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    Land of winds > The people > Culture | Issue 10 (May.-Jun. 2012)
    By Edgardo Civallero | Sara Plaza

Argentinean Mapuches


Los Mapuche de Argentina

Historically speaking, the Mapuche people is native to the central and southern area of Chile (present-day regions of Araucanía, Bíobío, Los Ríos and Los Lagos). Before the arrival of the Spaniards there is evidence that the Mapuche crossed the Andean Cordillera to the Patagonian plains (present-day Argentina) and established close and fluid relations with the Puelche (in Mapudungu, "eastern people"), that is, trans-Andean native societies (such as the Tehuelche, the Huarpe and the so-called "ancient pampas" or "Het" peoples). However, it was not until the 16th century that the process of expansion of their culture, influence and language begun into what they called the Puel Mapu (in Mapudungu, "eastern land"). Driven mostly by the terrible consequences suffered in the aftermath of the Arauco War (1536-1818), but also fostered by the rich resources found in the plains, Mapuche migrated to Patagonia and settled in the present-day provinces of Chubut, Río Negro and Neuquén, before expanding into the phyto-geographical region known as "pampa": south of Mendoza and Córdoba provinces, La Pampa province and some parts of the provinces of Buenos Aires, Santa Fe and San Luis.

The expansion lasted until 1850 and it is known as the "araucanization" o "mapuchization of the Pampa". In many cases the process entailed either the fusion with native peoples, while in many others it involved their military defeat, cultural assimilation or annihilation.


Los Mapuche de Argentina

Among the first Mapuche to arrive in Argentina there were those who, probably in pre-Hispanic times, gradually merged with the southern Huarpe communities of the provinces of Mendoza and Neuquén, and from whom "Pehuenche" (from Mapudungu pewenche, "people of the pehuenes") would have descended. Much later, historical chronicles record the arrival of an ethnic group known as the "Voroga", native to the Chilean province of Cautín. They were warriors who had fought on the side of the Spanish king Ferdinand VII and, after the defeat of the Spanish "realistas" (the King’s followers) in Chile during the Independence War (towards 1816), moved to Argentina. They carried out cattle raids and looting ("malones") on the Pampa region of Argentina and ended up displacing its ancient inhabitants the "Het", before settling down in the west of the province of Buenos Aires. In 1834 the Voroga were massacred by Huilliche warriors under the leadership of the longko Kallfükura (Calfucurá, in Mapudungu "blue stone"), who dominated the northern Pampa from that moment to the so-called "Conquest of the Desert" (1869-1888), a military campaign under the leadership of Julio Argentino Roca which involved the genocide of indigenous populations.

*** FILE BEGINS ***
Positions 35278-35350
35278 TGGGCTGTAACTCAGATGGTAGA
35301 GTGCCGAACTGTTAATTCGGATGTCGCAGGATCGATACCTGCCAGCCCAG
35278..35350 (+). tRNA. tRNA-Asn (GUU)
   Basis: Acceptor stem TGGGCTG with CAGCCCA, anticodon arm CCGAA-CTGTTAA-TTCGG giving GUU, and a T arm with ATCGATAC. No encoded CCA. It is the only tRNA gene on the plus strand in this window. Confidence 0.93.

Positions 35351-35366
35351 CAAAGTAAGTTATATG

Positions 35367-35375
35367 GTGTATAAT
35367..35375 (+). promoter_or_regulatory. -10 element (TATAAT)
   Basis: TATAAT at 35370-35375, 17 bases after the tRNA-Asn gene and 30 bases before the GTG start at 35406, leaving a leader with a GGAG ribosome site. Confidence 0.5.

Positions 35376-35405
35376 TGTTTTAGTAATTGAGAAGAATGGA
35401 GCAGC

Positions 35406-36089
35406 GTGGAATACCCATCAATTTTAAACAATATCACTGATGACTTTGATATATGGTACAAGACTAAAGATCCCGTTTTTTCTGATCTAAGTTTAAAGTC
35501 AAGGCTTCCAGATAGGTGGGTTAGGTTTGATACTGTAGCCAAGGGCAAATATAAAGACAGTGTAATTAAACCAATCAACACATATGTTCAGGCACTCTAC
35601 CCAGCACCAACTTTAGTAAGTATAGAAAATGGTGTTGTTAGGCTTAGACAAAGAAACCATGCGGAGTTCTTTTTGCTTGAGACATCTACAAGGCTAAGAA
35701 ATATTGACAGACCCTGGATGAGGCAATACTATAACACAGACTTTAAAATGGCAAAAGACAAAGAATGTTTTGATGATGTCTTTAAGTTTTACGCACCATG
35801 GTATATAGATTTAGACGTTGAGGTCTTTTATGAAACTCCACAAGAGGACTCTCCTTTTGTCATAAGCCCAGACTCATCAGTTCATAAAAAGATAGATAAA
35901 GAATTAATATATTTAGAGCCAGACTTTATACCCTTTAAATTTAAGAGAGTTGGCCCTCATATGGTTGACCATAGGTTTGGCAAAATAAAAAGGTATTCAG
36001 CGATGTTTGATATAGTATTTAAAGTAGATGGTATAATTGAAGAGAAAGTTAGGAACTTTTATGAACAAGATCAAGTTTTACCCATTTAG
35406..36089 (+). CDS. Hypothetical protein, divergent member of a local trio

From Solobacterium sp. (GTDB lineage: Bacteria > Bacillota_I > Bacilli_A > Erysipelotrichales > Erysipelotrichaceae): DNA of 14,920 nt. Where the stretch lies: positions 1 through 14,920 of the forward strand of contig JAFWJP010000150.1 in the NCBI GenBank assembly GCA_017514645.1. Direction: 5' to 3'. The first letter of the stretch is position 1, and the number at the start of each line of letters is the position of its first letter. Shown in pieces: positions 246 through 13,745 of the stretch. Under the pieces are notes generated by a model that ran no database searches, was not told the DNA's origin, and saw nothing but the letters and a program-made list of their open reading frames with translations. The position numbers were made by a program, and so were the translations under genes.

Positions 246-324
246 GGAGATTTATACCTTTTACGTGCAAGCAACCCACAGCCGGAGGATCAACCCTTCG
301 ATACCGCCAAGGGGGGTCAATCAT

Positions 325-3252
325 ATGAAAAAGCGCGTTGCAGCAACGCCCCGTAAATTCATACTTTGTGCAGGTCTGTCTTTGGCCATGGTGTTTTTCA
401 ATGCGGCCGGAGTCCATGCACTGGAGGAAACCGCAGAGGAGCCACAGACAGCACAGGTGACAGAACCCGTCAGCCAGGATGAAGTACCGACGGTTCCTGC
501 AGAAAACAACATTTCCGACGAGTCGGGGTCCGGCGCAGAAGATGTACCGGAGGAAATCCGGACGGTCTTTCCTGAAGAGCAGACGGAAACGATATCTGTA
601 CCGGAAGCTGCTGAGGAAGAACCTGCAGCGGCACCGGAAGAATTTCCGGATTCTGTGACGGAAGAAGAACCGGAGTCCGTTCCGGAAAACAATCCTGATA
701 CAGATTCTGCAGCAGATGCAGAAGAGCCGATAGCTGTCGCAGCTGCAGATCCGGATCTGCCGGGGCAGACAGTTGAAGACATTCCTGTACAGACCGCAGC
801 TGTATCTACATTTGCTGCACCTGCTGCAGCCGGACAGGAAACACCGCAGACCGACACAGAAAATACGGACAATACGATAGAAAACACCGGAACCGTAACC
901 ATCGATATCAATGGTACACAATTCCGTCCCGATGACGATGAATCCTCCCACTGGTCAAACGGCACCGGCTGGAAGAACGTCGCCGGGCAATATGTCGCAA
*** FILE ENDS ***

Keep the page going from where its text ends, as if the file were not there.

Towards 1821, after defeating the Gününa-küna (northern Tehuelche) in Choele Choel (present-day province of Río Negro), a Mapuche group controlled the northern border of Patagonia as well as the southern Pampa plains. Both Patagonia and Pampa regions were subject to a variety of cultural influences undergoing processes of racial admixture, fusions and divisions that make it difficult to trace back Argentinean Mapuche history. Such terms as "pampas", "ranqueles", "puelches" "pehuenches", "serranos", "salineros" or "manzaneros" populate Argentinean history book pages despite the changing and sometimes ephemeral borders of the societies named by them.

Mapuches brought their own traditions into Argentina such as the Mapudungu language (which in the Pampa region would place a peculiar stress on the last syllable of the word); their beliefs and religious ceremonies (including the ngillatun); their musical instruments; their traditional attire (which replaced the quillango, a blanket made of sewn guanaco skins); as well as their silverwork, ceramics and textiles, while adopting those cultural features of the peoples native to this region that make it easier for them to live in their territory: the use of "toldos" (tents made of animals skins) instead of their traditional rukas, and the boleadoras (throwing weapons made of weights on the ends of interconnected leather cords) used as hunting and war tools.

Nowadays, over 100,000 Mapuches live in Argentina, mostly in the provinces of La Pampa, Buenos Aires, Neuquén, Río Negro and Chubut. These groups are highly acculturated but have started a process of language and cultural traditions recovery.


Mapuche, in Wikipedia.
Araucanization of Patagonia, in Wikipedia.
Arauco War, in Wikipedia.
Confederación boroana, Argentina (Boroano people), in Wikipedia [es].
Conquest of the Desert, in Wikipedia.
Ranquel people, in Wikipedia.
Pampa (ethnic group), in Wikipedia [es].
Article. "Características de la araucanización al oriente de los Andes", by Rodolfo Casamiquela. In Catholic University of Temuco [es].
Article. "Muestra Virtual Poblamiento Pampeano", in Provincial Historical Archive of La Pampa [es].


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